During the break we pootled around the site a bit more, so busy, and hot, and the need for cider drew us to the bar. Cash only, but fast efficient service and I now own a plastic Mostly Jazz souvenir pint glass. I have to mention at this point, a chat with Russell Blakey from Enviro Cup who had a stall there. A Brummie manufactured stainless steel solution to reduce plastic pollution – bravo!

A short walk along a path by the pool (more like a lake to me), brings you out into another smaller area with a DJ boat, well half a boat, and a more relaxed atmosphere. Something you quickly recognise at Mostly Jazz is the family environment, which is a huge draw to those who were avid acid jazz fans in the 80s & 90s, and who now have the responsibility of kids. My pal Ollie from the Yardbird Jazz Club was there the previous day with his nippers and solves a problem of having to rely on babysitters etc.

In this second little arena we caught up with Neil Rushton (pictured in the blue Stax T-shirt). Neil was instrumental in not only the UK Northern Soul scene, but also in bringing the Techno music genre to the UK, and Europe, via his Brummie Kool Cat and Network Records label in the 1980s (check out Techno! The New Dance Sound of Detroit LP).

I think this is a good opportunity to mention the other notable Brum music faces we bumped into that day. After-all, this is a Birmingham music fest, and whilst the organisers do an incredible job of curating this event in the heart of the second largest city in the UK, without the support and attendance of the local population it would be nothing. So, we also bumped into/had a quick chat with: Jez Collins of Birmingham Music Archive (pictured wearing the Alright Bab T-shirt), Mazzy Snape of The Night Owl, Chicks Dig Jerks DJ nights & Bread Birmingham (pictured in maroon top and shades) & her pal Clare Edwards of The Night Owl (pictured in spotted top with hubby). We also met Andrew Purvis and Davina Muirhead from Rebel Chicken (pictured in front of green shed) and Adam Johnson of The Plough Harborne, formerly Global Grooves, 52 Degrees North and Circo Bar (pictured in stripey top smiling). It was great to see so many happy familiar faces and made it easier to take a few pics without having to bother people I didn’t know.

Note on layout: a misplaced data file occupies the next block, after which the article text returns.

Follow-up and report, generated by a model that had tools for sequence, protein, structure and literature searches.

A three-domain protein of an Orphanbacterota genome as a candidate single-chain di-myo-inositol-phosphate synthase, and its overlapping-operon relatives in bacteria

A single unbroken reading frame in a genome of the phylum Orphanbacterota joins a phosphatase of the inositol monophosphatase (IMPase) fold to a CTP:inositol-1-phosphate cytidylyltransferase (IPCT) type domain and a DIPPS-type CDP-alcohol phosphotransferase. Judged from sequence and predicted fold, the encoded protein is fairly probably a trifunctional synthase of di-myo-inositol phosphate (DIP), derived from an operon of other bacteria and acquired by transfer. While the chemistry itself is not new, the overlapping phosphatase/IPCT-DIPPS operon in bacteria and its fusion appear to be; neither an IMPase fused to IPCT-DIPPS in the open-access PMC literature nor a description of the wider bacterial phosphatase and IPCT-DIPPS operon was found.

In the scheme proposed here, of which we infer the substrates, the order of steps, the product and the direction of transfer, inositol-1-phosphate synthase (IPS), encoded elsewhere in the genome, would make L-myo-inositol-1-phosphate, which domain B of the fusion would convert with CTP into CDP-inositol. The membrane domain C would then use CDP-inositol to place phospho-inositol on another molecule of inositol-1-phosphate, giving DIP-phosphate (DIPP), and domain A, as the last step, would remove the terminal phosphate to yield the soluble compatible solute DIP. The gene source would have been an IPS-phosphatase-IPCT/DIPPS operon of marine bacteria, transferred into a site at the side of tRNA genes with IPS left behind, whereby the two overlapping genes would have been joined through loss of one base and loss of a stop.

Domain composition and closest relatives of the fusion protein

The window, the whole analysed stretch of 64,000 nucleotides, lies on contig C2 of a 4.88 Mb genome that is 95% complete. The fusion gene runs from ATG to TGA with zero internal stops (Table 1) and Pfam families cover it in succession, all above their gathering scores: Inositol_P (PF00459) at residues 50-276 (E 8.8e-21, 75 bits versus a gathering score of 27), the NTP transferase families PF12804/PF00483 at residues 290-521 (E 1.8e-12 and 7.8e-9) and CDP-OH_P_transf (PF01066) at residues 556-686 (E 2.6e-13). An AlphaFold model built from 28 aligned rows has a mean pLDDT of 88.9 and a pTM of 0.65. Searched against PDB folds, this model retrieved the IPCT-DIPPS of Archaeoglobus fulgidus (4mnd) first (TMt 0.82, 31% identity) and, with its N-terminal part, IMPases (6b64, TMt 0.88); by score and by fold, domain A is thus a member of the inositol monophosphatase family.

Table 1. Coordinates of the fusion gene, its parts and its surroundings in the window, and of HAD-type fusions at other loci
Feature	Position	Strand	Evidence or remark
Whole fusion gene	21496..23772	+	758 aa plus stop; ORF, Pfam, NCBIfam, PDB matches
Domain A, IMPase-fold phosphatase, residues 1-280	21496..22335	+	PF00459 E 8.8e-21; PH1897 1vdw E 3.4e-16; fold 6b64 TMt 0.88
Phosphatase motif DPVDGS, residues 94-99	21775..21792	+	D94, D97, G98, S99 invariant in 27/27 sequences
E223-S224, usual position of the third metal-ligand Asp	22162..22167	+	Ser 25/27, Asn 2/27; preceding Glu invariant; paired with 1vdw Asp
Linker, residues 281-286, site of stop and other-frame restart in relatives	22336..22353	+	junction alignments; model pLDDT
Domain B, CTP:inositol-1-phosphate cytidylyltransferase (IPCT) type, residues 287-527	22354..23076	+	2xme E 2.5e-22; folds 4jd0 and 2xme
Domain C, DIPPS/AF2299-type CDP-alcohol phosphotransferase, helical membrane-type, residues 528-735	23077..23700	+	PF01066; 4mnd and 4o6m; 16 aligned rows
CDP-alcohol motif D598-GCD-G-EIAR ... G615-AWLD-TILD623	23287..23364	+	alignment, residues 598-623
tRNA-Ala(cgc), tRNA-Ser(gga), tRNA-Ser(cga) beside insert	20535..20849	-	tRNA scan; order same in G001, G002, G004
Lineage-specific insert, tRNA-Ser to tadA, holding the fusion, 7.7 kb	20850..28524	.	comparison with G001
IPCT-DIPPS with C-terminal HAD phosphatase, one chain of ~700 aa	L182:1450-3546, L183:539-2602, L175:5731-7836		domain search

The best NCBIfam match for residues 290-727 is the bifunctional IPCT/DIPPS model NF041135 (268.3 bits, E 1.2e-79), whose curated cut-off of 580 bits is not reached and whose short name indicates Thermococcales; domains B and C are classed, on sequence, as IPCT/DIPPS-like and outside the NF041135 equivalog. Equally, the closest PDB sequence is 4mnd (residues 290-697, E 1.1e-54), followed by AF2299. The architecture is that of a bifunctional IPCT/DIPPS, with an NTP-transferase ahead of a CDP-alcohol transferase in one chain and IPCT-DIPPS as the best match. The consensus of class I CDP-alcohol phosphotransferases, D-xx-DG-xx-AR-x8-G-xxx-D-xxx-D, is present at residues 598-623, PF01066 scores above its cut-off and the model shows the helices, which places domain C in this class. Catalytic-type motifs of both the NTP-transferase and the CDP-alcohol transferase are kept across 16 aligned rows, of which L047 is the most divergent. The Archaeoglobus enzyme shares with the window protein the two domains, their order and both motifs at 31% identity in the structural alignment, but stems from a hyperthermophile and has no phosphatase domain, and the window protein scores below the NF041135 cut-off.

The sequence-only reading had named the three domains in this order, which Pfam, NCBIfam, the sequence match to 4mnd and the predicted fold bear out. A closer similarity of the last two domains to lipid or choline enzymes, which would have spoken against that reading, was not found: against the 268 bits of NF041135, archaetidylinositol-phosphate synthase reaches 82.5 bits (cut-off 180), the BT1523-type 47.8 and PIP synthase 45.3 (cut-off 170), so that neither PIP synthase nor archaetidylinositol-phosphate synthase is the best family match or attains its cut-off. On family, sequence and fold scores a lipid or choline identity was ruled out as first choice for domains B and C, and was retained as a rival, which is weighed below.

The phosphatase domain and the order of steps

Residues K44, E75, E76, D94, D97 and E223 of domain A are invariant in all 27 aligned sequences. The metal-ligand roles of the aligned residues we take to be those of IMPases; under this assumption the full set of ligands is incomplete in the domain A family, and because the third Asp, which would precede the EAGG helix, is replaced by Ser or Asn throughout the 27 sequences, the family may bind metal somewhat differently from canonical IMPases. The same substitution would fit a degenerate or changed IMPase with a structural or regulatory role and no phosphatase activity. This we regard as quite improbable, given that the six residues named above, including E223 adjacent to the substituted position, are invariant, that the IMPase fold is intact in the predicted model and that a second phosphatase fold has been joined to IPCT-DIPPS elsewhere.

Finally, we made it back to the main arena and caught the awesome set of Roy Ayers. Jazz Funk legend Ayers performed two of his best known tunes, Everybody Loves The Sunshine and they really did that evening, a rapturous applause by hundreds of snazzily dressed people grooving to this masterpiece while this English heatwave sweltered down on the masses. I was pleased to also hear his masterpiece Searchin, I mean how better could it get?

We didn’t stay for Sister Sledge, by the end of Roy Ayers, a few pints of cider and the intense heat, it was enough to leave us smiling in a slight stupor as we glided out of the park, in search of a Royal Watan balti.. which we found after an hour long walk in more heat, erm yeah Ok let’s not go there.

A huge thanks to Lyle Bignon and John Fell and to all those who helped bring this fabulous groovy event to life each year. It genuinely places Brum on the musical map, and something many people, I am sure, travel far and wide to appreciate, whilst leaving with a highly positive impression of Birmingham.

Big up Mostly Jazz, Funk and Soul!

Review by Nick Byng for Grapevine Birmingham